Financial Education

Reboot your budget

The world has changed over the past months; your life may look different and your habits may have changed.

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Here are 8 steps to reboot your budget to help you spend less, save better and feel more in control of your money.

1. Start with your income

Update your budget to reflect any changes in your household income. If your income has reduced, take full advantage of UIF, and any other support grants that may be available to you or your industry.

2. Save on expenses

With most lockdown restrictions now lifted, think carefully about your spending habits. This is a time for cutting back where you can.

To see where your money goes, you need a clear view of your expenses. This could also highlight which spending habits you need to change. Go over your bank statements carefully; check that you aren’t paying for anything you don’t use or that doesn’t add real value to your life. Think about the changes you’ve made during lockdown – is there anything you can continue to do without or reduce?

3. Insurance and medical cover

Take the time to get comparative quotes for your insurance policies. This take a bit of work, but could save you a lot every month. It’s a good idea to do this every few years to check if you’re still getting the best deal.

Ask for quotes for both your long-term insurance (e.g. life and disability insurance) and your short-term insurance (e.g. car and household cover), but always compare the total coverage, requirements and exclusions, not just the fee. If you do find a better deal for the same cover, check whether your current insurer will match the deal. It may not even be necessary to move.

If you want to check whether you have the right insurance and medical cover for your needs, consider speaking to an FSCA-registered financial adviser.

4. Prioritise emergency savings

If you are spending less during lockdown, or have found some ways to cut back (step 2), consider using the money you'll save to build your emergency savings.

The current pandemic and the related economic impacts may affect or continue to affect you in the future. It's recommended that you save enough to cover between 3 – 6 months of expenses in the case of an emergency (this could be a health issue, a job loss, or an unexpected expense like a repair). This may feel like a very big goal, but remember that every little bit helps you to build a buffer. So get started, even if you start small!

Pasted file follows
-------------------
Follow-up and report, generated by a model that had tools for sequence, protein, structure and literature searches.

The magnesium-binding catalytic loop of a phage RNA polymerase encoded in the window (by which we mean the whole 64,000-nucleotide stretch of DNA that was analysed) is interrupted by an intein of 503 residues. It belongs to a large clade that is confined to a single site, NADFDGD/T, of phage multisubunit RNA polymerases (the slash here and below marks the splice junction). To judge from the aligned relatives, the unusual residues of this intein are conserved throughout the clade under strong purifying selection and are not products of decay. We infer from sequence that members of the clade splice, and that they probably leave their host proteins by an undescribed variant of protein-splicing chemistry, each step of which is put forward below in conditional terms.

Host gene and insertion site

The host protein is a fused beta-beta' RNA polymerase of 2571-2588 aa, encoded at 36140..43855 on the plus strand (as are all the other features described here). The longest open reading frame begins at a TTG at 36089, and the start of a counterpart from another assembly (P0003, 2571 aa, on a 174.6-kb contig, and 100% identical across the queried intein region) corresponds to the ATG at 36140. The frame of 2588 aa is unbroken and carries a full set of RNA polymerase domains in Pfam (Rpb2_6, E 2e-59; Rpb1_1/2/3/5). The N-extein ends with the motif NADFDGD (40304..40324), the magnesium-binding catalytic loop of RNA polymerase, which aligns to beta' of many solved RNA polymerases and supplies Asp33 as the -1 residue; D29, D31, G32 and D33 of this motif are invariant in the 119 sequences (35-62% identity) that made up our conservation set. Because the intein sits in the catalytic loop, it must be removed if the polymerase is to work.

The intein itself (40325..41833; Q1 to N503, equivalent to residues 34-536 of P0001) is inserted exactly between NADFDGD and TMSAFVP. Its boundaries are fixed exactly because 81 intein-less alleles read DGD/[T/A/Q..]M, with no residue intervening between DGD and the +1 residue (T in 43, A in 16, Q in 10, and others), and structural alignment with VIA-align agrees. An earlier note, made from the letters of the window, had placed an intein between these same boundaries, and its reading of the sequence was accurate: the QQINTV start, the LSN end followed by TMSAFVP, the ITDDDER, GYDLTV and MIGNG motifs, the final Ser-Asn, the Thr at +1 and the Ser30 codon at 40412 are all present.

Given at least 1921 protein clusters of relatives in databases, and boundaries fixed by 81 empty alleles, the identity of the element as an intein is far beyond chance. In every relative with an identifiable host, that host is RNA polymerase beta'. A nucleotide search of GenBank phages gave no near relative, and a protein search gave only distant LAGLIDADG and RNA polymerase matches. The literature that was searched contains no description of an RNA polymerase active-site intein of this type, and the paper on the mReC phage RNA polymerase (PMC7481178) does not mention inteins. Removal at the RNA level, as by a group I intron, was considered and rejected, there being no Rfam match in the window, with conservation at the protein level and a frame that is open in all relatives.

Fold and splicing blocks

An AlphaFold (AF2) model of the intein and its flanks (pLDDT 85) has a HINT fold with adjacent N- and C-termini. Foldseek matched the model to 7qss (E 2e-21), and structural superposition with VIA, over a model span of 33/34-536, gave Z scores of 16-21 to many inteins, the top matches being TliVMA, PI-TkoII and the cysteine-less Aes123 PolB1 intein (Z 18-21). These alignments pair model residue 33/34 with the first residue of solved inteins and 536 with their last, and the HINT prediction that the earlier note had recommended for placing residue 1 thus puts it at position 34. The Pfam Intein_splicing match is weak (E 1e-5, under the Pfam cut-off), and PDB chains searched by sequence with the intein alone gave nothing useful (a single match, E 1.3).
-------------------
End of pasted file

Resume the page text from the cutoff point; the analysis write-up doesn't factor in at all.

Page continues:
5. Repay debt

If you’re paying off debt, your monthly instalments are likely lower than they were a few months ago, because of the lower interest rate. Use this as an opportunity to repay your debt more quickly. If you're able to, keep your repayment amount the same as it was before the interest rate changes – you'll repay your debt much quicker and save on interest and fees. Alternatively, you could use the money you're saving on your instalments to build your emergency savings.

6. Contact your credit providers

Your income may have changed under lockdown. If you are struggling to cover your monthly debt repayments, or think you may have a problem in the future, contact your credit providers right away to discuss what options may be available to you.

7. Track your spending

Now’s the time to decide how you’re going to track your spending to make sure you stick to your new budget. Decide what tools you’re going to use, for example, you could use a notebook, your bank statements, a budget tool on your banking app, etc. Ideally, set a check-in time every week, so you know if you need to make adjustments during the month.

8. Discuss as a family

Don’t forget the rest of your family! Discuss these steps with your partner and your children if you feel it's appropriate. Consider setting spending and saving goals together, and deciding together what you think are the biggest priorities. With everyone on board, it will be easier to stick to the plan.

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